Bob Dylan And The Symbol Of The Flower (Part 1)

By Larry Fyffe

Too happy in her unhappiness is the singer of the lyrics below:

There is nothing that a flower can say
That your lips can prove with a kiss
Send me no flowers today
Got a lot of flowers, and what I miss
Is being in your arms again

(Doris Day: Send Me No More Flowers ~ Bacharach/David)

Not so, the singer of the following lyrics:

Everybody got all the money
Everybody got all the beautiful clothes
Everybody got all the flowers
I don't have one single rose
I feel a change coming on
And the fourth part of the day's already gone

The roots of songs from the lost-love tree sink deep into the soil of the past:

He taught me to love him
He called me his flower
That blossomed for him
All the brighter each hour
But I wroke from my dreaming
My idol was clay
My visions of love
Have all faded away

(Carter Family: Wildwood Flower ~ Webster, et.al.)

The hope of everlasting love hangs around, but it too fades away:

Well, what's the use of dreaming?
You got better things to do
Dreams never did work out for me anyway
Even when they did come true

(Bob Dylan: I Feel A Change Coming On ~ Dylan/ Hunter)

As life itself fades away. In the poem quoted below, over-happy about the prospect of death is the poet’s persona – the flowers of the cypress tree symbolize sorrow, but to him they look like roses:

But the horror of Death is an ecstasy
And the sweetest song is an elegy
And the lovliest flowers in the world to me
Are the roses which bloom on the cypress tree

(Midnight: Charles Baudelaire)

The persona presented by the singer/songwriter in the following lyrics considers such a sentiment rather idiotic; in no hurry is he to greet the end of life, inevitable though it be; sorrow is just part of life that has to be put up with:

I waited for you on the running boards
Near the cypress tress, while the springtime turned
Slowly into autumn

(Bob Dylan: Idiot Wind)

To wait for happiness in another world, in an ‘afterlife’, be  the ‘morality of slaves’:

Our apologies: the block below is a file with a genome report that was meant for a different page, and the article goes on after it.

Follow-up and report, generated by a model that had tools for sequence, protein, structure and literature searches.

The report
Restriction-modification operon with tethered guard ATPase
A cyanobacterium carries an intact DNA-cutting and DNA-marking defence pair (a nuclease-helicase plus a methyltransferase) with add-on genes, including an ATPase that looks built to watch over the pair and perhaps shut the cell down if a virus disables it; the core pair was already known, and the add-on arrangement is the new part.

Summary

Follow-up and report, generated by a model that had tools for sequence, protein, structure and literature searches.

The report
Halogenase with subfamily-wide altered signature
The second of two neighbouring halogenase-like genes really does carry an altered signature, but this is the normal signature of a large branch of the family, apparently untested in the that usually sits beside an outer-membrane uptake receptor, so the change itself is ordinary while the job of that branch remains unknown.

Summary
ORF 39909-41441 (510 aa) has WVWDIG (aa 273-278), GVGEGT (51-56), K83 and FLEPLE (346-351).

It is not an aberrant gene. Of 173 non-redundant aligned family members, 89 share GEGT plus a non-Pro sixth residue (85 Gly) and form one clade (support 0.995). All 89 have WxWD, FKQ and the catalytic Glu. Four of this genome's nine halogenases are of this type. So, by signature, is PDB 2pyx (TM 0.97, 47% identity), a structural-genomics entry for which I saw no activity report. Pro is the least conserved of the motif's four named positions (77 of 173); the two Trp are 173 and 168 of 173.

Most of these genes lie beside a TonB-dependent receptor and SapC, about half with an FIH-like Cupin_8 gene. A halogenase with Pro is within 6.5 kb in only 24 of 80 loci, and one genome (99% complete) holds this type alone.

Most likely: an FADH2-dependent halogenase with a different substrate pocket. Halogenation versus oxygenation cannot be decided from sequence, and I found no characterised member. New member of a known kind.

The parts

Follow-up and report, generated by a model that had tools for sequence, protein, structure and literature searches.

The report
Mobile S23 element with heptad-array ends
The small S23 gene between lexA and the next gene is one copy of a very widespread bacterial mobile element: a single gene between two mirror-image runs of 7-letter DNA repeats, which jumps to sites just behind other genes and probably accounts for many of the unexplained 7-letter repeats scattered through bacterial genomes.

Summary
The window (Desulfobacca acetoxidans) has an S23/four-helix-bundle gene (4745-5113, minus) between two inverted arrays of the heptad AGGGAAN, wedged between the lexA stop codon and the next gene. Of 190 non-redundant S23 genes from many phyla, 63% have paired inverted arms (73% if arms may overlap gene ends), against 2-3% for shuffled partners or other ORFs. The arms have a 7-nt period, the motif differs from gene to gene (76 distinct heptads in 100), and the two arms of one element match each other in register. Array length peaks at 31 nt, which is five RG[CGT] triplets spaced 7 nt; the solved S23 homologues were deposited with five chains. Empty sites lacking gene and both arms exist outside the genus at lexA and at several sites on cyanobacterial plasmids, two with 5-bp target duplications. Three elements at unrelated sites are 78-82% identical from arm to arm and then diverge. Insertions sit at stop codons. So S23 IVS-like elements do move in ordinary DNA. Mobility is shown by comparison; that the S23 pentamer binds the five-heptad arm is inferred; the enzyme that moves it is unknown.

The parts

I am a forest, and a night of dark trees
But he who is not afraid of my darkess
Will find banks full of roses under my cypresses

(Frederick Nietzsche: Thus Spake Zarathustra)

Sardonically, so spake another poet:

Ah Sunflower! weary of time
Who countest the steps of the sun
Seeking after that sweet golden clime
Where the traveller's journey is done

(William Blake: Sunflower)

[Editor’s footnote: if you have played the Wildwood Flower video then do leave it running, the follow up video is a treat too].

What else is on the site

You’ll find some notes about our latest posts arranged by themes and subjects on the home page.  You can also see details of our main sections on this site at the top of this page under the picture.

The index to all the 594 Dylan compositions and co-compositions that we have found on the A to Z page.

We also have a very lively discussion group “Untold Dylan” on Facebook with over 2000 active members.  (Try imagining a place where it is always safe and warm).  Just type the phrase “Untold Dylan” in, on your Facebook page or follow this link 

If you are interested in Dylan’s work from a particular year or era, your best place to start is Bob Dylan year by year.

On the other hand if you would like to write for this website, please do drop me a line with details of your idea, or if you prefer, a whole article.  Email Tony@schools.co.uk

And please do note   The Bob Dylan Project, which lists every Dylan song in alphabetical order, and has links to licensed recordings and performances by Dylan and by other artists, links back to our reviews

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